Half-way between New Mexico and Virginia, my tire pressure goes down. It happens every year. Nothing is wrong with the tires. It’s just that I go to mechanics in Santa Fe and they make sure the pressure is normal for that altitude, and then I descend to the lowlands.
When I unpack in Virginia, I always find that my shampoo bottle and other plastic containers have collapsed inward, folding in around the empty spaces inside them. When I run, I feel the heaviness of the air—the dampness as well as the low altitude. It’s hard work, like plowing through used teabags. Talk about coming down!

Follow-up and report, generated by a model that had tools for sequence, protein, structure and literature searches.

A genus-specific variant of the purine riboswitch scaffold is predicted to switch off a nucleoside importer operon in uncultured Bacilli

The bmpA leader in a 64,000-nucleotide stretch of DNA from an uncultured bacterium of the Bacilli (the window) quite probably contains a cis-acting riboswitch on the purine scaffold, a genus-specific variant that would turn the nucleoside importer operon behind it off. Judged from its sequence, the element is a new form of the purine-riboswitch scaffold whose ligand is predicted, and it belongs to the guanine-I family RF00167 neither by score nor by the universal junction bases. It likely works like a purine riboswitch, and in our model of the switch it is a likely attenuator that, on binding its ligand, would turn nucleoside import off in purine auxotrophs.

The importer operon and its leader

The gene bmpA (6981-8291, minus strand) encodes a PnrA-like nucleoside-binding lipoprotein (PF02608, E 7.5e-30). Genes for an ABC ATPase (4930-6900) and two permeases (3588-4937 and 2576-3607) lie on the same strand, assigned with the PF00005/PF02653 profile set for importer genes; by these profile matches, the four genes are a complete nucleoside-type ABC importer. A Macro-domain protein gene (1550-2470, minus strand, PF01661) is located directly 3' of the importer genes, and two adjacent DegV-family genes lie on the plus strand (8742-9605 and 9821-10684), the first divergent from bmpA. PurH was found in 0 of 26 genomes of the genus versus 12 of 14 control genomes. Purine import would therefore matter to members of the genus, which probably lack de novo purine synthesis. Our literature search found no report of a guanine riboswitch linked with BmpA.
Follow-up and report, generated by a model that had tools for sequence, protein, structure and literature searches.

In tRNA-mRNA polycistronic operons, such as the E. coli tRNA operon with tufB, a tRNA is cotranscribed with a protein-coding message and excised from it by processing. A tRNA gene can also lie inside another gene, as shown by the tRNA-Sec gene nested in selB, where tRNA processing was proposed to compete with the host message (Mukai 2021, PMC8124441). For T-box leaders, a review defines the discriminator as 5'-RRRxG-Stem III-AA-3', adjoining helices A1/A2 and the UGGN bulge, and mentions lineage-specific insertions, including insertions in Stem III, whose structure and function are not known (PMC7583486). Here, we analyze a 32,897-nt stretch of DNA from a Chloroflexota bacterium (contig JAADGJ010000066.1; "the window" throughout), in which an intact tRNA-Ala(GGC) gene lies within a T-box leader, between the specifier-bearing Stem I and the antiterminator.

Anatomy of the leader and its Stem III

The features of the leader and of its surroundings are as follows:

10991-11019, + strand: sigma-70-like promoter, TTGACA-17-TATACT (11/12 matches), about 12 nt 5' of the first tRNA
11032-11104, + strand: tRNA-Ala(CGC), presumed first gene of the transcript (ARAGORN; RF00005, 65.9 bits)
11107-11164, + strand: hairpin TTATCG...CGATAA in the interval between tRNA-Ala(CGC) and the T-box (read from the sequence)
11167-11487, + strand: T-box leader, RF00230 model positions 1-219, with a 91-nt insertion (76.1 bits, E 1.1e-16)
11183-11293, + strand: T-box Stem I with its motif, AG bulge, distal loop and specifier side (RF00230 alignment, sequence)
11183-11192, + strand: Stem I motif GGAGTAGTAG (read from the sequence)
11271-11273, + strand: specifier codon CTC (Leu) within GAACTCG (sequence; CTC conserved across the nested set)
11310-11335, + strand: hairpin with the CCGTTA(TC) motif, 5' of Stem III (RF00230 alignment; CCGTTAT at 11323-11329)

It’s time to recompress. I’ll readapt to the climate, to the busyness of the academic year, and to the green campus, so conventional and normal. I’m in the transitional phase, now though. I miss the colors and textures of the desert, the people in T or C, the eccentric personality of the town itself, the spaciousness of my life there and all the open space around it—so delightfully situated in the middle of nowhere. The challenge now is stay spacious inside when my surroundings aren’t, and as external demands become like the air, an unseen weight leaning on me. I did yoga on my back deck today, and two tiny bees sat peacefully on my shoulder through several poses. I was grateful to have this practice of active mindfulness. It left me feeling whole and bright. My outer life has to recompress, but my soul doesn’t.